Alice Bradley Sheldon/
James Tiptree, Jr.
• Science fiction writer who inspired an award
for work that “expands or explores our
understanding of gender”
• Had a complicated relationship with her male
• Born: August 24, 1915
• Died: May 19, 1987 (age 71)
• Country of origin: United States
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Alice Bradley Sheldon was a sci-fi writer with a life that was stranger than fiction. As a
child, she went on several trips with her parents to Africa and illustrated children’s
books that her mother, Mary Bradley, wrote about Alice and her adventures there.
After a brief young marriage, an attempt at college, and stints as a painter and an art
critic, she joined the Women’s Army Auxiliary Corps in 1942, and in 1943 she was hired
by the Pentagon. And that’s just the beginning.
After World War II ended, in 1945, Alice was transferred to a new unit and soon
married her commanding officer, Col. Huntington Sheldon. In 1952 they both joined
the CIA. Alice left the CIA in 1955…and used her intelligence training to disappear
from her marriage, which she had become unsure about, for about a year. After
earning a college degree in 1959 she pursued graduate studies in experimental
psychology. While writing her dissertation, she also began writing science fiction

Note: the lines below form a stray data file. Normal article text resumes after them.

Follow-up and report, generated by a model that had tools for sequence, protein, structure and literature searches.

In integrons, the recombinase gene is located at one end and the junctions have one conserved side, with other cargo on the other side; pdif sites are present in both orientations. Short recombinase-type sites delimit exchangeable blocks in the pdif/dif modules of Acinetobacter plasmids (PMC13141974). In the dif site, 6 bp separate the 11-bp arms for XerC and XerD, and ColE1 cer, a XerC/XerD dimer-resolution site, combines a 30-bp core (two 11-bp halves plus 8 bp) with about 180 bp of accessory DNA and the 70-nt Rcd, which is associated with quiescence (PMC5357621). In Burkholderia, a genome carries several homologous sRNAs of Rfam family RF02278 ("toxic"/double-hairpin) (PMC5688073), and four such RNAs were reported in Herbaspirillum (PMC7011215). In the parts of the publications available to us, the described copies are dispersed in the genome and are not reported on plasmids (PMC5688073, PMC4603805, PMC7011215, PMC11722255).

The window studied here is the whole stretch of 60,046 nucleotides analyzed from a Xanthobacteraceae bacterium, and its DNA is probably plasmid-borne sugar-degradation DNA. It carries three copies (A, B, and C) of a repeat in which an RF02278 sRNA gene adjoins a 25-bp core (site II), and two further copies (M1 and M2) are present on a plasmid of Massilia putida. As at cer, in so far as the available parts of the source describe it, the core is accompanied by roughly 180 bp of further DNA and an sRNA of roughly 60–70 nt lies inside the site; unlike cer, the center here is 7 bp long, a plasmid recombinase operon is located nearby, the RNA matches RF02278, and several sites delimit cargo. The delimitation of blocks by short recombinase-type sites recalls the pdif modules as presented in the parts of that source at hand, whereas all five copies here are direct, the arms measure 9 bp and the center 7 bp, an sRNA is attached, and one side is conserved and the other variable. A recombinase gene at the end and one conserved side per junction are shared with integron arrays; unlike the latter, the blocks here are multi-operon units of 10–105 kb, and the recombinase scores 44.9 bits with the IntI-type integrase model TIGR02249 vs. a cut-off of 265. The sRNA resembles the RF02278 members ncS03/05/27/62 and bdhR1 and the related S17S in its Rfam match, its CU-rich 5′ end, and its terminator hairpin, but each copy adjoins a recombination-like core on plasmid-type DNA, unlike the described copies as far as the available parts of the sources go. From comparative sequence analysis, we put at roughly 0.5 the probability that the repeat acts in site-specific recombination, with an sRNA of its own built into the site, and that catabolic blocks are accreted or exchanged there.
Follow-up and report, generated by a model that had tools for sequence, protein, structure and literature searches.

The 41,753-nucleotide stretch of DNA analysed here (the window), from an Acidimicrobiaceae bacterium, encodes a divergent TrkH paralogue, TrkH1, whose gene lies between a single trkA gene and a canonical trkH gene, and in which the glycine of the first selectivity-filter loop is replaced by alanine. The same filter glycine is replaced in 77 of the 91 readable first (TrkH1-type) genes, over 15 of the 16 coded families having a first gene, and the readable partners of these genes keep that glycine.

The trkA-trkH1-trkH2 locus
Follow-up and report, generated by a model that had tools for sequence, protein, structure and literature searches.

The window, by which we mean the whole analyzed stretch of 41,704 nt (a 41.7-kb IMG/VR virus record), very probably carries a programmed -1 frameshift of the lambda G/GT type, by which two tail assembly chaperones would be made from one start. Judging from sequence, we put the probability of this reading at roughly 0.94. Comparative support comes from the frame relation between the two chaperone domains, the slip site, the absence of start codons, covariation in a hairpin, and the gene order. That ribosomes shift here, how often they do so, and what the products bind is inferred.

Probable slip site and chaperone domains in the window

stories under the pseudonym James Tiptree, Jr. Tiptree’s stories received several
awards and were praised by critics for their treatment of themes such as death and
gender and later for their feminist leanings. Tiptree corresponded extensively but
always closely guarded “his” personal life and identity. Sheldon felt that Tiptree was
not just a pseudonym but also part of her personality, a character she played.
The only detail Tiptree gave about his life was that his mother was an explorer from
Chicago. When Mary Bradley’s obituary was published in 1976, the sci-fi community
put the pieces together and figured out Alice Sheldon was Tiptree. This revelation
helped contradict assumptions within the sci-fi genre about perceived differences
between men’s and women’s writing. Sheldon, however, was deeply affected by the
loss of her alter ego. She continued to publish as Tiptree, but her work was never the
same. Having dealt with depression for much of her life, Sheldon shot her ailing
husband and then herself in 1987. In 1991 an award was established in her honor: the
James Tiptree, Jr. Literary Award for work that “expands or explores our
understanding of gender.”